Ukraine's Zelenskiy savages idea of concessions to end war

STORY: The angry comments by Zelenskiy come as Ukrainian troops are facing a renewed offensive in two eastern regions that Russian-speaking separatists seized part of in 2014.

The New York Times editorial board said on May 19 that a negotiated peace might require Kyiv to make some hard decisions, given that a decisive military victory was not realistic, and former U.S. Secretary of State Henry Kissinger this week suggested at the World Economic Forum in Davos that Ukraine should let Russia keep Crimea, which it annexed in 2014.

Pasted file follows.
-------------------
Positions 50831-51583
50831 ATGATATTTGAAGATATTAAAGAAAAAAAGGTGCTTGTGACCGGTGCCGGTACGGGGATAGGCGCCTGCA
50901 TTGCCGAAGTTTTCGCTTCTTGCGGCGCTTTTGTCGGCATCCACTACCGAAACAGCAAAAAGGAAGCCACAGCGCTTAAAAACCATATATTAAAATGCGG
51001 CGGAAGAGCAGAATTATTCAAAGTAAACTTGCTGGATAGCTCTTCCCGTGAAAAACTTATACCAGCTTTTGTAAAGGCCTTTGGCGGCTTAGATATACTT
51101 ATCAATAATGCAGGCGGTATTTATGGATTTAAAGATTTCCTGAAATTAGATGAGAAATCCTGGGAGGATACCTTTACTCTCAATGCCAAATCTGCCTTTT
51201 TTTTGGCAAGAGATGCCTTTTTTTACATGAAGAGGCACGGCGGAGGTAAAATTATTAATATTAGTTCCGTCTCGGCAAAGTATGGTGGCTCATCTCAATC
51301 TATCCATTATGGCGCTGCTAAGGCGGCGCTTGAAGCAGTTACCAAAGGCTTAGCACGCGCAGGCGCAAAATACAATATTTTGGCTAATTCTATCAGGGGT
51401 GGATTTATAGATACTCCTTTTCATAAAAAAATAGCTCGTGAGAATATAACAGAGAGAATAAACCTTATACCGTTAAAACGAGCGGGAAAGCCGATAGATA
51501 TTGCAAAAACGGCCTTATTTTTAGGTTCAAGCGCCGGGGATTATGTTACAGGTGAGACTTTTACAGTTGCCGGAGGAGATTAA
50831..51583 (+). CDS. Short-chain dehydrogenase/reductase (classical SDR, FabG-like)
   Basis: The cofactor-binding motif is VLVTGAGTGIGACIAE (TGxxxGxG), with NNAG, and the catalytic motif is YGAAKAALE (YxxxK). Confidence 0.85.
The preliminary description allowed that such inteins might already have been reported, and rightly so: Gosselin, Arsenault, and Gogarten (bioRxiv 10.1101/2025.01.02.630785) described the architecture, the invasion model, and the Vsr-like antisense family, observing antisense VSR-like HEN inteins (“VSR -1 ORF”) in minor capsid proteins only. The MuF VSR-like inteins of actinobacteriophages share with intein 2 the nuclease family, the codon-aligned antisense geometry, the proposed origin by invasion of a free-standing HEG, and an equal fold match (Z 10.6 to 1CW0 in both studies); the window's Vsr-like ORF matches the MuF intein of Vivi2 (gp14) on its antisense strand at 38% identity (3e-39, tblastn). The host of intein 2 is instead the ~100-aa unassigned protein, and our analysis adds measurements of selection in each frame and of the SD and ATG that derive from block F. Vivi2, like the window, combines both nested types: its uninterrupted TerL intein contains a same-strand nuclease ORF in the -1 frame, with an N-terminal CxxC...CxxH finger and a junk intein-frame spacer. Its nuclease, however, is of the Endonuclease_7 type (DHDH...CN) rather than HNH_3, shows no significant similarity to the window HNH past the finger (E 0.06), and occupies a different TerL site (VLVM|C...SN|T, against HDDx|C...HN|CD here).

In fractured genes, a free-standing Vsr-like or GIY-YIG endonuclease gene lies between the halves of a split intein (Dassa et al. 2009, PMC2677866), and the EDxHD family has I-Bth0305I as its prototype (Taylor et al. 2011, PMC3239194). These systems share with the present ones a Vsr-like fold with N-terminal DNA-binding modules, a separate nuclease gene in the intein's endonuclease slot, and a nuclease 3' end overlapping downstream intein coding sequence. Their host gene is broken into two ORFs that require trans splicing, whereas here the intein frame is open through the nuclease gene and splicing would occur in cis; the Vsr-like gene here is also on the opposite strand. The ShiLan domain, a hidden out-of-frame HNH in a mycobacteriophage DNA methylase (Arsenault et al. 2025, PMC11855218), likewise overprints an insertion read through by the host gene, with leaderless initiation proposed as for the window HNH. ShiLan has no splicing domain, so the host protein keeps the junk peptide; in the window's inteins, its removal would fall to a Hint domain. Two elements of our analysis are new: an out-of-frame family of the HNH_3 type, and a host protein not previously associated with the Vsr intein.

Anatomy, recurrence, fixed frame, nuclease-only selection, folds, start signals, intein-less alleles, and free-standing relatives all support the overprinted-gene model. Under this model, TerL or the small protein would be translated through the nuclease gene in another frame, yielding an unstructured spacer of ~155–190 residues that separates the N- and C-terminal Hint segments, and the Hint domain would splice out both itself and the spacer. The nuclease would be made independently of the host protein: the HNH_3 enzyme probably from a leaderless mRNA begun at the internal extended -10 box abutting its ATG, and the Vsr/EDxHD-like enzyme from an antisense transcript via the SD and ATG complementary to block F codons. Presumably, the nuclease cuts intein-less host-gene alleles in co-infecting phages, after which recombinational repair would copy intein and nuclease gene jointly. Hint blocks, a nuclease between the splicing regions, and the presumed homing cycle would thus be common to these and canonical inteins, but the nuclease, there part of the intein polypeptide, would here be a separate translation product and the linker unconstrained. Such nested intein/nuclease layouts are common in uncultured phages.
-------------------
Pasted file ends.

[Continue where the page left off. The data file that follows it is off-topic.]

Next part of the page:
"Whatever the Russian state does, you will always find someone who says 'Let's take its interests into account'," Zelenskiy said in a late night video address.

"You get the impression that Mr Kissinger doesn't have 2022 on his calendar, but 1938, and that he thinks he is talking to an audience not in Davos but in then Munich."

In 1938, Britain, France, Italy and Germany sighed a pact in Munich that gave Nazi dictator Adolf Hitler land in the then Czechoslovakia as part of a failed attempt to persuade him to abandon further territorial expansion.

With its invasion now into its fourth month, Russia still has only limited gains to show for its worst military losses in decades, while much of Ukraine has suffered devastation as Moscow steps up strikes to offset its slow progress.

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